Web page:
LEAP also offers in-home support programs for individuals who would rather have direct support professionals come into their own homes as needed, whether that be 24 hours a day or a few hours a week.

Almost 200 people are employed by LEAP, 87 percent in the direct service category. LEAP’s support staff and services provide an option for care after individuals have aged out of the school system and the state’s disabled child support services, but whose disability would hinder them from living entirely on their own.

“Sometimes tough decisions have to be made, and one consideration may be to engage an organization like LEAP to help create a plan that works for the family and the individual,” Woods said.

When Duley graduated from Mt. Blue High School in 2011 at the age of 20, the Duleys had long known that finding an assisted living program like LEAP would be the best option for him to maintain his independence and also allow them to manage their lives.

“It has given Jon his own home with the relationships he has with the different people in the house, and it gives him the structure he needs,” Dan Duley said. “For us, it has given us freedom we didn’t have for 22 years or so — of having your entire life wrapped around making sure Jon is taken care of and is safe, and that you have given him every shot and opportunity to develop.”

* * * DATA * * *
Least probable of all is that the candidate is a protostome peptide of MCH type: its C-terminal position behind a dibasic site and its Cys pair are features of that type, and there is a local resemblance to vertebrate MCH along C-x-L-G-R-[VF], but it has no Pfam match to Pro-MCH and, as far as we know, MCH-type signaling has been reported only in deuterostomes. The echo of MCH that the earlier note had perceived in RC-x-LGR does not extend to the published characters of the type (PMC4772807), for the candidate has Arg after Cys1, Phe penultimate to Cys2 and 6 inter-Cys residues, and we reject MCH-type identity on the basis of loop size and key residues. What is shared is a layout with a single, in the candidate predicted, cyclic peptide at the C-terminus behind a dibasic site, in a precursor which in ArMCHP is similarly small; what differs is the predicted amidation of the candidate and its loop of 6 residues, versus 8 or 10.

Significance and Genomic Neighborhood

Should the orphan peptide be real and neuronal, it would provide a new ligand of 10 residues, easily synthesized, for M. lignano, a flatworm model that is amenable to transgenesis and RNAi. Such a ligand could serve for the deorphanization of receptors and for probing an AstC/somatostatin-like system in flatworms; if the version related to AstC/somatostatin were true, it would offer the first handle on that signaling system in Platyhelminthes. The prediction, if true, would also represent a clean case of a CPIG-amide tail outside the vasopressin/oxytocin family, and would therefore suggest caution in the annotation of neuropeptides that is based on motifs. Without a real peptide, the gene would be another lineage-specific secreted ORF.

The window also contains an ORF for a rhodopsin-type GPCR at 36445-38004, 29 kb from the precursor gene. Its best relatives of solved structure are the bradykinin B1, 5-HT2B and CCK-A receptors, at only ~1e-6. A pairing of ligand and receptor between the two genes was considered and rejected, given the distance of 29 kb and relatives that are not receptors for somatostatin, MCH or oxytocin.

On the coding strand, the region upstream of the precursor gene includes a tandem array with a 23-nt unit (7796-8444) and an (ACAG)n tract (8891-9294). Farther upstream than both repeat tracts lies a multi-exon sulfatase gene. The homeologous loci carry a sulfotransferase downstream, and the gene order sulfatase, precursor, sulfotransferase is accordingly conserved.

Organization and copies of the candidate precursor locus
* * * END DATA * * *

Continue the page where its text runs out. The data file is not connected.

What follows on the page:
LEAP serves and supports any individual who qualifies under Section 21 of the MaineCare benefits program as having a diagnosis of developmental or intellectual disability. Because the range of disabilities is so broad, LEAP’s support system is based on individualized need and goals for each person it serves.

“Our entire model is person-centered,” said Kyla Wheeler, LEAP administrator at the Anson Street House. “Primarily, it used to be institutions, which would be a hundred people packed into rooms. This we really try to make feel like a home.”

The support provided for an individual by LEAP depends on what an individual needs, Wheeler said. There are some individuals with more advanced disabilities who require total care from LEAP professionals, like cooking and grinding up food for them or assistance with bathing and getting dressed.

But there are also individuals like Duley and his roommates at the Anson Street House, who cook some of their meals and do their laundry with minimal assistance from the direct service professionals in the home.

“It’s really the gamut of disabilities we support,” Wheeler said.